The drill bit was probably dead by the time you got to the bike piece. The expensive drill bits require low rpm and frequent cooling, even dipping in water a number of times for each hole extends the life tremendously. Get it hot with too much rpm and you can kill it in seconds. Typically a squeaking sound while drilling tells you the bad news.
I love epoxies and use them whenever I can, but there's just no way torque arms is an appropriate application. I did come up with one good thing to say about it. With good prep and using one on each side it's pretty unlikely that both are going to give at the same time.
The demonstration Doc did was like a 3M salesman's demo or those done to show how strong Superglue is, and I'm sure we've all seen superglue bonding failures. A more realistic test would be to bond a steel bar to aluminum, do a bunch of warming and cooling cycles, hang some weight on the bar, and then start banging on the joint with a big hammer hundreds of times to simulate each month of use. That's a lot closer to simulating what really goes on with a torque arm, especially with regen which is absolute torture with thousands of pounds of force at a 5mm radius alternating direction. Failure is all but certain.
Even simply considering the fact that a significant percentage of people will use a lesser epoxy and/or not adequately prep or cure. Almost no one appreciates the forces inside a dropout with a hubmotor until they've had a failure, and even then most don't appreciate the real risk. Spinning the axle and having to replace the motor harness is a real pain in the ass, but the real risk is if the spinning motion causes the the axle to climb right out of the dropout and suddenly the wheel is off the bike.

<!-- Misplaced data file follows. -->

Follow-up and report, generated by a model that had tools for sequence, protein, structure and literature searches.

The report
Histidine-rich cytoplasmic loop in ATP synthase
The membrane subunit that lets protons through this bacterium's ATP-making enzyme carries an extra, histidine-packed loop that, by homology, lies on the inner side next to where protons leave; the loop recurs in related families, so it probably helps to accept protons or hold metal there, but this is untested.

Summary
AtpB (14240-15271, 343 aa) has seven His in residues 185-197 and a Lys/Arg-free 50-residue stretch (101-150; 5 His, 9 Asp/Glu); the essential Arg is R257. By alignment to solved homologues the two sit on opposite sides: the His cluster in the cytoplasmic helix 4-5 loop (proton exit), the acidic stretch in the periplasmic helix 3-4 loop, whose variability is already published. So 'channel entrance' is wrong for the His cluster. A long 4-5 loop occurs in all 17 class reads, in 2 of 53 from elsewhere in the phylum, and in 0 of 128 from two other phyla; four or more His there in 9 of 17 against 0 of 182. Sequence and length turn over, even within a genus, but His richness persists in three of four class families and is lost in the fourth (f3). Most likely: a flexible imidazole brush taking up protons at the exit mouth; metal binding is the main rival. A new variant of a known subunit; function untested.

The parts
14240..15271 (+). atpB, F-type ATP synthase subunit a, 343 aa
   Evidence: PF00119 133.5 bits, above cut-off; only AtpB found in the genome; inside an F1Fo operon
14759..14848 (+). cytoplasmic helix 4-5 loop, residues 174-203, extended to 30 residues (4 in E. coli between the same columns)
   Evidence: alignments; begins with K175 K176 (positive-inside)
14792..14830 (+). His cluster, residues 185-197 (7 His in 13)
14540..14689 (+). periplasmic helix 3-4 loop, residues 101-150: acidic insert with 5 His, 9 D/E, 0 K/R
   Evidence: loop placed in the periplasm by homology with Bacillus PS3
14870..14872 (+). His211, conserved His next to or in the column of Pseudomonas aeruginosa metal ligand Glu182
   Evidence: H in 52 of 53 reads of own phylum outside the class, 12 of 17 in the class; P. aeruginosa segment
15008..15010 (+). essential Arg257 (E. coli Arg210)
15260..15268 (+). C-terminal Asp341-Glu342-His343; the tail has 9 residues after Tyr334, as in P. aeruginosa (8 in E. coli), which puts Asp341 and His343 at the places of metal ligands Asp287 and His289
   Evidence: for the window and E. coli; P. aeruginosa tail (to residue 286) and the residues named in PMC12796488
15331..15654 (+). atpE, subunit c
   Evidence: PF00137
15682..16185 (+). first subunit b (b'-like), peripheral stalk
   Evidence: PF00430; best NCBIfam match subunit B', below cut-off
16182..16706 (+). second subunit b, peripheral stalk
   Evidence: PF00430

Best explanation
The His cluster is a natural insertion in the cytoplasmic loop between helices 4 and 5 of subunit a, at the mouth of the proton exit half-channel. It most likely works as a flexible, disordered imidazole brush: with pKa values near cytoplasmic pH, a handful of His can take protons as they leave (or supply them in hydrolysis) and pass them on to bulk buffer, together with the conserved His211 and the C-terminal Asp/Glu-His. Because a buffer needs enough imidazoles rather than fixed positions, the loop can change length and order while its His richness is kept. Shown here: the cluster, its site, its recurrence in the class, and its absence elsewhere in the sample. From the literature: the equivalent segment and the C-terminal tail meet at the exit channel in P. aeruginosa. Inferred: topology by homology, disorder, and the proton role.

I got really lucky with my failure which was in the first 10ft of my first hubmotor ride. It was a front motor with a 72V20A controller. I fabbed 2 stainless steel torque arms with rectangular holes that fit the axle flats quite well. At the time I figured the 1/8th stainless on each side giving me .25" total was plenty strong. I was right that the stainless was strong enough, because it didn't deform at all. The axle torque just made it cut through the axle like butter, snapping the AL dropouts like butter. I only got lucky and avoided an asphalt face plant because it was only a couple of mph and the hose clamps securing the torque arms were able to hold the spinning axle in the slight indentation that remained at the top of the dropout.
I've used nothing less than 1/2" of steel with a tap in fit on each side since then, and regen deforms that fairly quickly. Clamping dropouts is the only solution, and I use it on every build. With Hubmonster I used 3/8" leaf spring steel to make these 20mm wide dropouts for each side. Even clamped firmly with 3/8" #8 bolts after less than 2 weeks with regen I heard the familiar clicking of rocking dropouts. It had all but disintegrated the lock washer, so now it's a hardened steel flat washer and red Loctite. If it happens again then I'll have to spring for the Norlocks.
If I get looseness with this with 14mm dropouts on a 1" axle and an extra strong clamping bolt holding over a 3/4" width of axle on each side, imagine what a joke glued on 3/8" pacman torque arms that loosely fit less than 10mm flats are.